Feeds:
Posts
Comments

Archive for the ‘Policy’ Category

I’d like to think that my non-posting habit is related to being hardworking and busy, but it’s not – I’m lazy and tired and prioritising going to the gym over writing. Going to the gym has to be done, of course, but I have to THINK OF MY CAREER!!`!!1! In the meantime, here’s some interesting public-sector related links.

Public Sector Blog

Google’s official Public Sector Blog discusses tools for both election campaigns and public administration. This post on Web Analytics emphasises the importance of asking the right questions of your website visitors and making it easy for them to give feedback.

The Public Administration Collective

A collective of public policy blogs from the UK and US, ranging from news and opinion to management theory.

Synopsis

A blog of politics and policy by a Masters student at Holy Angel University in the Philippines. Some of it’s a bit dense and clearly entry-level, but that may be exactly what you need.

Whitehall Watch

British politics and civil service blog by a Professor of Public Policy & Management at the Manchester Business School. His area of interest is in performance measurement (we call it evaluation out here in the boonies), so be warned, may not be suitable for beginners. I actually think meaningful performance measurement is of paramount importance, but jebus it’s boring.

Public

The newsletter of the Institute of Public Governance & Management at Ramon Llull University in Barcelona. I’ve linked to the English version, but it’s also available in Catalan. I have to admit to being particularly intrigued by the suggestion that “[t]he willingness of public sector workers and managers to accept lower pay in return for … a more meaningful or enjoyable job translates into lower returns on talent in the public sector compared to the private sector.”

Undercover Economist

I’m not an economist. I work in an economic development agency. IT HURRRRRRRRTS. This blog is less painful than economics usually is.

Charting Transport

Are you a graph nerd? Close the door for some furtive one-handed browsing of this impressive collection of visual analysis of just about everything in public transport in Australia – demand growth, drivers of use, fare structures, travel data… talk nerdy to me!

Advertisements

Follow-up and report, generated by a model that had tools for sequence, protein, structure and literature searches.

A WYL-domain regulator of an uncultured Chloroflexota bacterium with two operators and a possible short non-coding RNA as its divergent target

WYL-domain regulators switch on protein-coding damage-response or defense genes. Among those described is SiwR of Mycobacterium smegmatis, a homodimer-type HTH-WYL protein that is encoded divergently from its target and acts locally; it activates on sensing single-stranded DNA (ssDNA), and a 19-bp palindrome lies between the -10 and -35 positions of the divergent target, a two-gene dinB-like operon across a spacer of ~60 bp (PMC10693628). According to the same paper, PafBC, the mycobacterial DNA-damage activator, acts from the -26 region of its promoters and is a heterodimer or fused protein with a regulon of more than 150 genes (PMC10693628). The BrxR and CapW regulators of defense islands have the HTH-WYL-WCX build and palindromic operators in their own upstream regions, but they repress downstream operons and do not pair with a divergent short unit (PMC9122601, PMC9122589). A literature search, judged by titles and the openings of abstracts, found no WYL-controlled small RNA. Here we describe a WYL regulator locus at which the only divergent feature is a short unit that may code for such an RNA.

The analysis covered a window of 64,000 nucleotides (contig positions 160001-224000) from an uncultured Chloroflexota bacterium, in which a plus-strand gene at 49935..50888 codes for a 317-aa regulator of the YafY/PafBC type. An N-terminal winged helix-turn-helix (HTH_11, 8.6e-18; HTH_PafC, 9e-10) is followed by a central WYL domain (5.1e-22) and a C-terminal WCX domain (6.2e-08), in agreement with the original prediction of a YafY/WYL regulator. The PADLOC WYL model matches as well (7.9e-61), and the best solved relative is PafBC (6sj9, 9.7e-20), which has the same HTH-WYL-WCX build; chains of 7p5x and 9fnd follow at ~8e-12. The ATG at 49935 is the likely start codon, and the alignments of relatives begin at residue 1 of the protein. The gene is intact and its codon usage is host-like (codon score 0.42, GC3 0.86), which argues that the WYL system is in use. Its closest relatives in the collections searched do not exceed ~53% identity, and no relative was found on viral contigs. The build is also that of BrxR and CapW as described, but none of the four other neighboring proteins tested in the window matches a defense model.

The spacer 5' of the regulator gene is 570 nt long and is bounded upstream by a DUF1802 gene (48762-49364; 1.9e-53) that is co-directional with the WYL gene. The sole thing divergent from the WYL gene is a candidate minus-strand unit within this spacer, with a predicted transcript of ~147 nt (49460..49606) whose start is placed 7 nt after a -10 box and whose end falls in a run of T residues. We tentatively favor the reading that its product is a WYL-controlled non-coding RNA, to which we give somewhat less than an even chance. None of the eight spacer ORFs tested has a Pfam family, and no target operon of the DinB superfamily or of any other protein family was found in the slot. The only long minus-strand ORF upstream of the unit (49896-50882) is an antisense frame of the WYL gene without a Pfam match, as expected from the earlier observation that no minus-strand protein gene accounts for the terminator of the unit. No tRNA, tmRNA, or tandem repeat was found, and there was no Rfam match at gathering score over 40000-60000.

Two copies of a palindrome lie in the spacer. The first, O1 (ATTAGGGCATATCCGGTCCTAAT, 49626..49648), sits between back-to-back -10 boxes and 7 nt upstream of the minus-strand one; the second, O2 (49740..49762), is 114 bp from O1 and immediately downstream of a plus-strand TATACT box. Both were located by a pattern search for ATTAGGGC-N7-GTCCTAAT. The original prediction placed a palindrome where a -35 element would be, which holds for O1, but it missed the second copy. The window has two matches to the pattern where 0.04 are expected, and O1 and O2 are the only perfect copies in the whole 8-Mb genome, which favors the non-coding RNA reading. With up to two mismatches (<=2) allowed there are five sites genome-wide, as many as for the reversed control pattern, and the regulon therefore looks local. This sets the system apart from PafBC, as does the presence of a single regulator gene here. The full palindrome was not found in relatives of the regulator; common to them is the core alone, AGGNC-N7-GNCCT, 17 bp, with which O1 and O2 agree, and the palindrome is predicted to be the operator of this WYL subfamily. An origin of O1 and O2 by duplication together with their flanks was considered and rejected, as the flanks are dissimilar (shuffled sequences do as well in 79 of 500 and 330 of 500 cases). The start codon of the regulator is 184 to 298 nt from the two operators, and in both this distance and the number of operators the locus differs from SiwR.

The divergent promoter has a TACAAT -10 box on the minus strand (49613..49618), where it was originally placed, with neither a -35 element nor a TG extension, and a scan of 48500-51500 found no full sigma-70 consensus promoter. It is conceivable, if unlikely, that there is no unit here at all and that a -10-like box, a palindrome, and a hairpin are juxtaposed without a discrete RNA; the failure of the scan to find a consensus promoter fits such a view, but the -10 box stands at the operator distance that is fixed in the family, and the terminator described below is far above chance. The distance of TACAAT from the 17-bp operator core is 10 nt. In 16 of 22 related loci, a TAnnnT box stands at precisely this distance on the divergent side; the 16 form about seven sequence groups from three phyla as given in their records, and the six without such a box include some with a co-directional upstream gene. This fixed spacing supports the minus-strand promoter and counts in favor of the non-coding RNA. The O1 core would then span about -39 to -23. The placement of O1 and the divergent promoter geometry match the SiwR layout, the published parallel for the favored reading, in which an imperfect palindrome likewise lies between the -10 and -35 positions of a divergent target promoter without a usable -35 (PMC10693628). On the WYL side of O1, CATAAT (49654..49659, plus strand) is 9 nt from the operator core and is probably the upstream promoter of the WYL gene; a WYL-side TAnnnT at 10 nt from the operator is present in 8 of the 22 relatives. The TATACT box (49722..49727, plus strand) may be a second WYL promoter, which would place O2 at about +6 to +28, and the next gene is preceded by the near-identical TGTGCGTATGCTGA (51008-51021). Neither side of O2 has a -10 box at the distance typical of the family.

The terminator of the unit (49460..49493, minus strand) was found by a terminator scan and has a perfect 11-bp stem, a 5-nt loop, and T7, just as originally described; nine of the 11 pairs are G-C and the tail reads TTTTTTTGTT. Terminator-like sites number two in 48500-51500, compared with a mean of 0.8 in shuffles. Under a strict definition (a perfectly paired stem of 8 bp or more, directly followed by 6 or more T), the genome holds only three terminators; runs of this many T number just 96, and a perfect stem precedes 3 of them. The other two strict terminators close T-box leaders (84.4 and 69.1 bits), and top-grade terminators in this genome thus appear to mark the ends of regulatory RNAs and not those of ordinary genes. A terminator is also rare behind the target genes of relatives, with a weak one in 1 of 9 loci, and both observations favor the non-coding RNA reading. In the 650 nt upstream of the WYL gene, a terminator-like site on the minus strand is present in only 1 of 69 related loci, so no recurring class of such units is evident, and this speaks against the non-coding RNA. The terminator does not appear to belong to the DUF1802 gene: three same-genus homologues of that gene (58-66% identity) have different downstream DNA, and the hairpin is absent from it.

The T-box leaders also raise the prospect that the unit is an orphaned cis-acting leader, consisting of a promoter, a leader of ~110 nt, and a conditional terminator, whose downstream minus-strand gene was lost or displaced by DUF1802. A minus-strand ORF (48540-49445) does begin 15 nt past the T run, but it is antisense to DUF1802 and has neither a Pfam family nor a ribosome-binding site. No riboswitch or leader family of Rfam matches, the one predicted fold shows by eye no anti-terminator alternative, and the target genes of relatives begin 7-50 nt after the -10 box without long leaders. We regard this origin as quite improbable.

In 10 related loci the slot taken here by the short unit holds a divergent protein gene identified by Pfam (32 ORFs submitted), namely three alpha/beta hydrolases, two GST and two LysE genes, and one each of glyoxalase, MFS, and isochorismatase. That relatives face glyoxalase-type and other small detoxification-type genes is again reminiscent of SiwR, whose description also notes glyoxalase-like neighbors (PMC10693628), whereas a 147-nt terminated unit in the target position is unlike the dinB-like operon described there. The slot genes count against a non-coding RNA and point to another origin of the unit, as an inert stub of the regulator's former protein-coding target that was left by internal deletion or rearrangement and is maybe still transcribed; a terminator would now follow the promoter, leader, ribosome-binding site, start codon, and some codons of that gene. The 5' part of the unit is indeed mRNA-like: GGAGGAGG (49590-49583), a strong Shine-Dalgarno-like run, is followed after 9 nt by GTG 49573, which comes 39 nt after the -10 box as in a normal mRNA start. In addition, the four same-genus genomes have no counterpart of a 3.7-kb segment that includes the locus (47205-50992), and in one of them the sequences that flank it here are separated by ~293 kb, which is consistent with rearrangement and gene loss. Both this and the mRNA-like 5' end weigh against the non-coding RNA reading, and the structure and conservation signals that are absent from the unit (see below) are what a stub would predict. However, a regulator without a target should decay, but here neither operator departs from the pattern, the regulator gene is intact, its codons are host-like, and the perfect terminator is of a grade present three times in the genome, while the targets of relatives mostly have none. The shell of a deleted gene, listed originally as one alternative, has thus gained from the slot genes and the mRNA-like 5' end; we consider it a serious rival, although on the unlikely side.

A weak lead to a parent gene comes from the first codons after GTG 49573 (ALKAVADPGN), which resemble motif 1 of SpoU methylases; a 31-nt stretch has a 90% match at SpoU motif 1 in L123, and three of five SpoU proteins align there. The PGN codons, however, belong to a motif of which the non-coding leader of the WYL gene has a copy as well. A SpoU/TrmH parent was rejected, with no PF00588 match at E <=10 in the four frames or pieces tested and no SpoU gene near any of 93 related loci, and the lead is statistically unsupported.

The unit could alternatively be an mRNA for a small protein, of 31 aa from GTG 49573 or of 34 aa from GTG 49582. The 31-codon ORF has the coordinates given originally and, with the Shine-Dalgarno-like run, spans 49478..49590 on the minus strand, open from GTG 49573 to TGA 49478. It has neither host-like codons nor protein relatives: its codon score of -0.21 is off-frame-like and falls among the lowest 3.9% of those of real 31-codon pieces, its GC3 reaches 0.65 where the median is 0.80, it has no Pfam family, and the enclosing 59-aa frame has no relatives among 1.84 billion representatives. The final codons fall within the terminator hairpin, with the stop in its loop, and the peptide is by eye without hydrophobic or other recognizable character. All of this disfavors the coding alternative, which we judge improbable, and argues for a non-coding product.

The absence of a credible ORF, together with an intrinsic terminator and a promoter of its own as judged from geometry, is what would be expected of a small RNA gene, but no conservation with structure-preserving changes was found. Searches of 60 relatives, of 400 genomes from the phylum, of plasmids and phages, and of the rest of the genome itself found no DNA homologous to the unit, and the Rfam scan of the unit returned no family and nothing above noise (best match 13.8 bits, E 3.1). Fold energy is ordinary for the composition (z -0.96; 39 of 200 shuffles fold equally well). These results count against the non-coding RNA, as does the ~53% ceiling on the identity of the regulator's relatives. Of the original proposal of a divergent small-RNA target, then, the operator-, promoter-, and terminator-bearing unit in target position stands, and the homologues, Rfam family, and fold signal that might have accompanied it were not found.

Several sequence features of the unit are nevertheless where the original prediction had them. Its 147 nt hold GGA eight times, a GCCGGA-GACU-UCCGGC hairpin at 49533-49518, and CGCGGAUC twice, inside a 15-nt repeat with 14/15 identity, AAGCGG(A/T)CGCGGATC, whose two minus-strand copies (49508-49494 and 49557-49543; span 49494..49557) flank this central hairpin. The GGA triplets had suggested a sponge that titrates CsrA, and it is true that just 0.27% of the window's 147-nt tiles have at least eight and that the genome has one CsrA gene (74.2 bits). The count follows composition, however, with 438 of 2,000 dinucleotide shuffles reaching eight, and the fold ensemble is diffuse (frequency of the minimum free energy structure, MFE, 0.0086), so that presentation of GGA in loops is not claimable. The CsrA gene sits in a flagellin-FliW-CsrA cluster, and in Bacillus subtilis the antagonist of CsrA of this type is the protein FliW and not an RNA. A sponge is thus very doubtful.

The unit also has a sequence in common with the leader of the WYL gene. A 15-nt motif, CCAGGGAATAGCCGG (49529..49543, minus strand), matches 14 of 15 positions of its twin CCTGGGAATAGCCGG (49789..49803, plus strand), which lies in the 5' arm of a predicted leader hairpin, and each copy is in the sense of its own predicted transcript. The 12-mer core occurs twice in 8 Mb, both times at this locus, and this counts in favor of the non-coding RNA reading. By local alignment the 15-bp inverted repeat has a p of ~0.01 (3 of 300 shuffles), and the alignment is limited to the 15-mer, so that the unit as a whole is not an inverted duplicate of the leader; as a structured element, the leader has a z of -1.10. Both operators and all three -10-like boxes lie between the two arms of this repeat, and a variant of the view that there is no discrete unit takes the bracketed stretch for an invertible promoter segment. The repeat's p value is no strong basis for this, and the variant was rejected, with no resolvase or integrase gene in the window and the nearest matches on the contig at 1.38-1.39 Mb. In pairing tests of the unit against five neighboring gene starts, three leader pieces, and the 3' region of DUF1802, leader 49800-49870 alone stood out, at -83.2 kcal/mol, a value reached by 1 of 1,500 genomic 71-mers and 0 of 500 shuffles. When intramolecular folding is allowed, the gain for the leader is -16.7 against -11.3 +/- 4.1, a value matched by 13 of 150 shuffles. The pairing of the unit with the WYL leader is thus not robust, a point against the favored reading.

Read Full Post »

Yes Minister meets Alice in Wonderland, Myles Peterson

This piece did ring a few bells with me. I would however like to raise a couple of points:

Our section was under-budget by hundreds of thousands of dollars, necessitating we blow all the unspent money before the end of the financial year. Unfortunately, ”training” did not mean I would finally get some training. ”Training” consisted of hastily booked, dubiously relevant conferences and courses, most of which were conveniently located a long way from Canberra.

Nice work if you can get it – my department is cracking down on employee travel even though we have the same amount of spare budget. We won’t waste your valuable taxpayer dollars on sending lowly public drones to the only place they can get specialised training! (I’m not bitter.)

We were not the only ones wasting money. Associated with our section were those boffins who create public health campaigns, the ones that appear on television with increasing regularity: nights out turning into nightmares, measure your fat stomach, wash your hands – that kind of thing.

I was surprised to discover the minds behind these campaigns were not health professionals. They had backgrounds and degrees in marketing, communications and advertising, not medicine.

This is actually pretty reasonable! When was the last time you changed your behaviour because of a fact? OK, a heart attack is technically a fact, but a health professional isn’t ethically allowed to actually induce a heart attack or emphysema, so they tend to say uncompelling things like “the prevalence ratio of Type II Diabetes in overweight and moderately obese women is 3x that of normal-weight women” (closer investigation revealing that the prevalence is less than 8%, so 92% of overweight and moderately obese women don’t actually have this problem).

Hence it falls to the marketing bods to come up with ever gorier images of your heart or lungs turning black under the influence of your lazy, filthy day-to-day abuse, in the vain hope that you will actually wake up and realise that incremental changes to your lifestyle really do help. I lost over 50lb, not after being informed that obesity will shave 3.6 years off my already-likely-to-be-90+ life,  but because I was the oldest, fattest slob in a graduate intake of spunky young things whose mere existence made me grind my teeth with jealousy. Could those boffins who create public health campaigns could convey that in a 15-second spot?

Read Full Post »